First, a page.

Posted: March 31st, 2010
"It’s still about speed and heaviness but there’s also definitely a group soul."
Interview by Andrew Cannon | Photo by Hammeke
While many metal bands grew soft with age or just disappeared entirely, Slayer has kept with the same formula that got them started: Play fast and hard and don’t ever look back. If there’s ever an example in music for “if it’s not broke, don’t fix it,” it’s Slayer! —Joe Hammeke
One of my favorite things about Slayer is your live show. You hardly ever talk and you rip through songs. The last time I saw you guys in San Bernardino, some guy ran out on stage while you were playing and you stopped, pushed him off, and went right back to playing. You didn’t even skip a beat. What happened?
Tom Araya: I saw him come up on stage and I looked at him, like, “What are you going to do?” He was standing outside of my perimeter, which was on the other side of my monitor, and the minute he lifted his leg up to take a step over my monitor was the minute that I knew he had to go. He just rolled off and I kept on playing.
What album would you tell kids to pick up who’ve never listened to Slayer? The new one, World Painted Blood, or would you tell them to listen to one of your earlier ones like Hell Awaits or Reign in Blood?
I would tell them to pick the new one. This record is fucking—I mean—I’m a fan, and to me it’s an amazing record. And I’ve never really had that feeling. In all honesty, if someone were to pick up this record they would be getting Slayer. This record is fucking amazing.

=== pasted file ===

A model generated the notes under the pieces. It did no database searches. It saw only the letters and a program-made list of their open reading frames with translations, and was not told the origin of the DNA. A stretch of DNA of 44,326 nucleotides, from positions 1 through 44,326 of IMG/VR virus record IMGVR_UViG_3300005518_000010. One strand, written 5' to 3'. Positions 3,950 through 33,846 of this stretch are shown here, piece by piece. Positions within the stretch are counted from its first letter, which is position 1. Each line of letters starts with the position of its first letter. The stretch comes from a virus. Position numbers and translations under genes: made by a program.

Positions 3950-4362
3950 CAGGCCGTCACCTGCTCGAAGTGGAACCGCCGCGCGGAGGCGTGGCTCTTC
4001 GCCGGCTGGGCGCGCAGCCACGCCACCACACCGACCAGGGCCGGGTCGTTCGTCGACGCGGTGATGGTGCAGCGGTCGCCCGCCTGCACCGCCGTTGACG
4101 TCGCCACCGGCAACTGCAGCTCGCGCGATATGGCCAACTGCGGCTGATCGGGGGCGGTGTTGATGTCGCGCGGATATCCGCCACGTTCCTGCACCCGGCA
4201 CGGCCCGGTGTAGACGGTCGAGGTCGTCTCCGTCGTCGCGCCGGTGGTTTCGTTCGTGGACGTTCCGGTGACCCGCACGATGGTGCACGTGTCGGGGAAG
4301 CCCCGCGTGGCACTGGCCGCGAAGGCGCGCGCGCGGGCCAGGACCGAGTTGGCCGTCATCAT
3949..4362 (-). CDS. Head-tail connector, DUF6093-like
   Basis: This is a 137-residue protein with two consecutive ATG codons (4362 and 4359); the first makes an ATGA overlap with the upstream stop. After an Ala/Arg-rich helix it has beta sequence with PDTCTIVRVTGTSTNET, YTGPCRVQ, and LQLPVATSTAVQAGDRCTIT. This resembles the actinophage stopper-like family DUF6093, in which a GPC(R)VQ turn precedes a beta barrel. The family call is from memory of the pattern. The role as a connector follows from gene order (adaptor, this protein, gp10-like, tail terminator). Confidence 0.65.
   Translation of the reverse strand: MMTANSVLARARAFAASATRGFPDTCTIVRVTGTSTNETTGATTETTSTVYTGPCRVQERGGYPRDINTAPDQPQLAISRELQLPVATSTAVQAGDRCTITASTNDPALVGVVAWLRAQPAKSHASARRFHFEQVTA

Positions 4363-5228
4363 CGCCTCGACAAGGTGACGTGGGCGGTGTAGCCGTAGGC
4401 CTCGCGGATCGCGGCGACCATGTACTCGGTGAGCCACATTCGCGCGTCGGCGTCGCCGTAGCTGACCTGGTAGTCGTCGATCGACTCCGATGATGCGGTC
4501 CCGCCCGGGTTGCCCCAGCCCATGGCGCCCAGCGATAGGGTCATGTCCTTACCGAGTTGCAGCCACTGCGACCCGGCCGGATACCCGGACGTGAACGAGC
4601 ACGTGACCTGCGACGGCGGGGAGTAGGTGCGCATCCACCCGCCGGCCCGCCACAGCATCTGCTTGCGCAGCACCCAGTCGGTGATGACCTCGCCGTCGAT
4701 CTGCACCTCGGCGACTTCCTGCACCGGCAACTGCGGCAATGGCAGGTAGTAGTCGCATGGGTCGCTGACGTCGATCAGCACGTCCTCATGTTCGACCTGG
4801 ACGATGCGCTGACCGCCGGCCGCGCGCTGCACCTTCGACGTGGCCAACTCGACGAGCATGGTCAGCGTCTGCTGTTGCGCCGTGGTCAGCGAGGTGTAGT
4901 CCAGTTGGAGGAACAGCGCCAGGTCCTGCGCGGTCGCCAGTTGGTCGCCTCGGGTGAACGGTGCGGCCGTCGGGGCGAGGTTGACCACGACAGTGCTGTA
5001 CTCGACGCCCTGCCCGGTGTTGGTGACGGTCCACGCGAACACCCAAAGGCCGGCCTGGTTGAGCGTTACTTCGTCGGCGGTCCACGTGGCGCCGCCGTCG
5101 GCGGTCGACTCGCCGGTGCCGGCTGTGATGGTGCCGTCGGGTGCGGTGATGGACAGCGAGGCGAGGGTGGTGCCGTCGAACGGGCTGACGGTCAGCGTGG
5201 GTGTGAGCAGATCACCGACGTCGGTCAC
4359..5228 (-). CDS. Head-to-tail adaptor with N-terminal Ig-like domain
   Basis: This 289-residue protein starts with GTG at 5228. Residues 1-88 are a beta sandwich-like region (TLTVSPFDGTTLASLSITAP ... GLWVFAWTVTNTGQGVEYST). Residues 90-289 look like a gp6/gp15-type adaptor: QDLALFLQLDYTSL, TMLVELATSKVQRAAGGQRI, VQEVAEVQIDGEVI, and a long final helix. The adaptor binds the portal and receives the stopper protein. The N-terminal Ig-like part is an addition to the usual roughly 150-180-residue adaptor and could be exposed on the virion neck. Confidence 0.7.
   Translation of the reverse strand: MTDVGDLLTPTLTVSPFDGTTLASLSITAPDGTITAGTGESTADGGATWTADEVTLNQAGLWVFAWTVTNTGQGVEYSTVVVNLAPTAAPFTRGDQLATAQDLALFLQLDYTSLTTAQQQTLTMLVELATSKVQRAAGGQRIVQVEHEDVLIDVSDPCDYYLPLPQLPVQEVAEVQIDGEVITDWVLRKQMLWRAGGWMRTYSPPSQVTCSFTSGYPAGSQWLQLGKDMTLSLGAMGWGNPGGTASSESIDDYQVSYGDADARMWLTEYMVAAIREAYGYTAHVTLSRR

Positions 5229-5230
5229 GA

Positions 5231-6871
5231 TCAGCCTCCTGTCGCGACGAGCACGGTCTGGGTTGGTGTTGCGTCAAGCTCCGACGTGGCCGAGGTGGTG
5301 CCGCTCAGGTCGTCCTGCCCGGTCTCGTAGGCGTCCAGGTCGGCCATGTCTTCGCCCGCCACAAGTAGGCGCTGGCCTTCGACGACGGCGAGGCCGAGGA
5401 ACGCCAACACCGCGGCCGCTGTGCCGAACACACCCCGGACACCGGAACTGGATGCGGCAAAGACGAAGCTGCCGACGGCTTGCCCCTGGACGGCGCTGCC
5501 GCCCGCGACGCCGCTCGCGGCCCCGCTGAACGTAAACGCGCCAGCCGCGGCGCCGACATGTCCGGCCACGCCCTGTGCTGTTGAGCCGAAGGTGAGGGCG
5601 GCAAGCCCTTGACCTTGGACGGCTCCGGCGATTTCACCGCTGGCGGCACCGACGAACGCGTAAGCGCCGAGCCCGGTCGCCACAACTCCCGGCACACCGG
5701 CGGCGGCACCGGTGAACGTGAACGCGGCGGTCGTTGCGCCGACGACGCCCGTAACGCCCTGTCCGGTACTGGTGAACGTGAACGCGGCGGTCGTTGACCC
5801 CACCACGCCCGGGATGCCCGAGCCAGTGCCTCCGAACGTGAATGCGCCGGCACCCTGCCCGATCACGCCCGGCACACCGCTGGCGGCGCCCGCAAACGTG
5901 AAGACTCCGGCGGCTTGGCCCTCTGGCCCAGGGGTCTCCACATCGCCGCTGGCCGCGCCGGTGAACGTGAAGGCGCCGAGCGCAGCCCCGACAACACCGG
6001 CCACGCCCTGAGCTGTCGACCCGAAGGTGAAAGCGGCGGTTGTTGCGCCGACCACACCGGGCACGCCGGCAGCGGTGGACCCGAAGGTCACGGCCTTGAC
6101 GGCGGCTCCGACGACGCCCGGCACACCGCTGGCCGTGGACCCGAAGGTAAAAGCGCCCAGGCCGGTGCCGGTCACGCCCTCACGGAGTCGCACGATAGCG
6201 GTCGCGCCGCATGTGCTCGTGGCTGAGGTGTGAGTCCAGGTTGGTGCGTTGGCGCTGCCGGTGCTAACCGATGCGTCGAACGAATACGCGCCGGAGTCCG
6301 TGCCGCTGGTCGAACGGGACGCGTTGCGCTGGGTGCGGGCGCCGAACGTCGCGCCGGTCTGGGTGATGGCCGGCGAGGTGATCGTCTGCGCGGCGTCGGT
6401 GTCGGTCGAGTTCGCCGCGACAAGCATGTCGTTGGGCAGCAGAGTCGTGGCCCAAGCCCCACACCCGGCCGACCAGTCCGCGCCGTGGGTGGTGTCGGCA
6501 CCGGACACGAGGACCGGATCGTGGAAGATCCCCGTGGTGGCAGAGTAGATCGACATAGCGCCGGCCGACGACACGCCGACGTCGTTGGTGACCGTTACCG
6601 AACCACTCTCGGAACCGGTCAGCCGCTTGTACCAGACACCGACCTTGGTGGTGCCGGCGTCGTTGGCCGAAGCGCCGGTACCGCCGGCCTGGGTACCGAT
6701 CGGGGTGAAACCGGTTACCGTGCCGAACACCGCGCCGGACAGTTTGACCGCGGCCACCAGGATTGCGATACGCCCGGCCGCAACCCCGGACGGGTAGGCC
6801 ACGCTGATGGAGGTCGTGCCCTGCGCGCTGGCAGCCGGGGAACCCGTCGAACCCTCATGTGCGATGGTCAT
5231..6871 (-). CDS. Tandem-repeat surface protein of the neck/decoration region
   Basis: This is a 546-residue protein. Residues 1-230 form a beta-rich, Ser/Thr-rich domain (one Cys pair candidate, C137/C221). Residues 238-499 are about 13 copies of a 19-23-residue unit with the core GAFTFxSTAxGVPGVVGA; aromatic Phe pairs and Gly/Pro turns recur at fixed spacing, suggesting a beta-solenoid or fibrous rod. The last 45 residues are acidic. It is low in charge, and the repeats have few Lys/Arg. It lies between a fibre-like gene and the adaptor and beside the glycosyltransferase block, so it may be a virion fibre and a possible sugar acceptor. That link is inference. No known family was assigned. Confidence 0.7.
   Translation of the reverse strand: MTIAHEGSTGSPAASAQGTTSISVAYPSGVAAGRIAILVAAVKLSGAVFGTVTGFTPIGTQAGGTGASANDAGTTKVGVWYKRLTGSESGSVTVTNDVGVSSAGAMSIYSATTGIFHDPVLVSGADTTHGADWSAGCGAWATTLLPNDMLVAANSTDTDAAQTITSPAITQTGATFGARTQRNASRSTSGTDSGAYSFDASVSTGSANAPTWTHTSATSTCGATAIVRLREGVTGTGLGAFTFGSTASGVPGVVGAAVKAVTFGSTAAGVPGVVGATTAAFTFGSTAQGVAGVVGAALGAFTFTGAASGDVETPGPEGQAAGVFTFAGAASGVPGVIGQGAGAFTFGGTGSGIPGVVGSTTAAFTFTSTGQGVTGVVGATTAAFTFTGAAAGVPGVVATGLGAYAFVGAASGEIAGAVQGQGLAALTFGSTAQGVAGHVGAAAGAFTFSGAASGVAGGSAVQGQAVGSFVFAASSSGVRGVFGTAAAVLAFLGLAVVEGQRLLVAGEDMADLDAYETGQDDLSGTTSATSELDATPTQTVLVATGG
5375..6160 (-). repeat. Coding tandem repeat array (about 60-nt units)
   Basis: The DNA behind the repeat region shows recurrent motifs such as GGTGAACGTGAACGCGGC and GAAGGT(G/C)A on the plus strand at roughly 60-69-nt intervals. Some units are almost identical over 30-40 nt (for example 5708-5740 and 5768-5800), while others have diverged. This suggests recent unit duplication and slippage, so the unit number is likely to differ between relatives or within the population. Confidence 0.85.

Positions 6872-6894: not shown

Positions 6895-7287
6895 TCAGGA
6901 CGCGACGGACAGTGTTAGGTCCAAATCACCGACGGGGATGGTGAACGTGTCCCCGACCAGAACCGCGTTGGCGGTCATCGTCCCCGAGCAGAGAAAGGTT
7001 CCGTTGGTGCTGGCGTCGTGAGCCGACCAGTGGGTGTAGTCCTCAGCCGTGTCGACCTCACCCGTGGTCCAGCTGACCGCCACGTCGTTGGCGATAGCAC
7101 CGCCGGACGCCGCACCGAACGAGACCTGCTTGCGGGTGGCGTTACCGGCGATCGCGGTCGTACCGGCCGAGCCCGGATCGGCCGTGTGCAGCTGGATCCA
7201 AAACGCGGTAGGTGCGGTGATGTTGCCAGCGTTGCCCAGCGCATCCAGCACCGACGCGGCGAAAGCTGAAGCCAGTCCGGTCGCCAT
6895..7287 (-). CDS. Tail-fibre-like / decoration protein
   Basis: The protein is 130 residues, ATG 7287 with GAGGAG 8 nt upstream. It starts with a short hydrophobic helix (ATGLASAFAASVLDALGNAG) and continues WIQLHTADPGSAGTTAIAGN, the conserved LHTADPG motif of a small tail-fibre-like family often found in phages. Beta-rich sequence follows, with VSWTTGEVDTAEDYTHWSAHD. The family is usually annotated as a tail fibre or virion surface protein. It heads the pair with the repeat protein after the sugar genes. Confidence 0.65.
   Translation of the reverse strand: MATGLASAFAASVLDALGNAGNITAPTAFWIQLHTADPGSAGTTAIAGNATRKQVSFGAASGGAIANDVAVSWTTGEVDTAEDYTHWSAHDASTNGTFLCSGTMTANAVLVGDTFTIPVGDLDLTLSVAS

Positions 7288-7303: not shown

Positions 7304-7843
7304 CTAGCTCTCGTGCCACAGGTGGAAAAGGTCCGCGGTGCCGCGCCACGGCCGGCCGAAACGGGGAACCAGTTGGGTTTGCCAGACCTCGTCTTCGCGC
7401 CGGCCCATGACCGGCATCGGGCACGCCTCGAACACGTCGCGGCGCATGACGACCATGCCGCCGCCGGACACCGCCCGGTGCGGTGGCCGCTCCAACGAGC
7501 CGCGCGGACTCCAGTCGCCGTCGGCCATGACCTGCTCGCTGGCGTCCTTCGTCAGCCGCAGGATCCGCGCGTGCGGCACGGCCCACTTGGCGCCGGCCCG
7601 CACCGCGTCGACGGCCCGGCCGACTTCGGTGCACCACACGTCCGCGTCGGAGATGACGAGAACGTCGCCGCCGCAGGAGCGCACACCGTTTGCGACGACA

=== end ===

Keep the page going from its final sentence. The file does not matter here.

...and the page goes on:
I watched a Slayer interview from 1985 last night. In it Dave Lombardo said that you guys would never change your style of music, and here we sit—this new album’s just as awesome as Hell Awaits. In that same interview you guys said it was all about speed.
It’s still about speed and heaviness but there’s also definitely a group soul.
I’ve read Internet rumors that this may be your last album, or that you’re going to do a trilogy of new albums. Any truth to these?
I don’t know where the trilogy thing came from, but I know that we had a 10-album deal with Rick Rubin, and this album is the tenth. So what we do, how we do, and whom we do this next record with? I don’t know. All I know is we’re going to do a tour. We’ll do this tour and finish it, and if someone asks, “You guys want to do another record?” Then I’m sure we would come up with music for the record. That’s how it has been with everything we’ve done. The only time that we wanted to record was on the Christ Illusion album. That was the only time that we wanted to record, where we said, “It’s been long enough.” But usually it’s, “You guys want to do another record?”
Was that because Lombardo came back, or because it’d been so long since God Hates Us All?
No. When Dave started playing with us again we were auditioning drummers, but finally we just stopped because he said he would do the record. It wasn’t planned; things come up and opportunities present themselves and we roll with it. We knew we wanted to be a band and get a deal with a record label but we didn’t really do anything to pursue it other than do shows. That’s just how it’s been with this band, which I think is cool.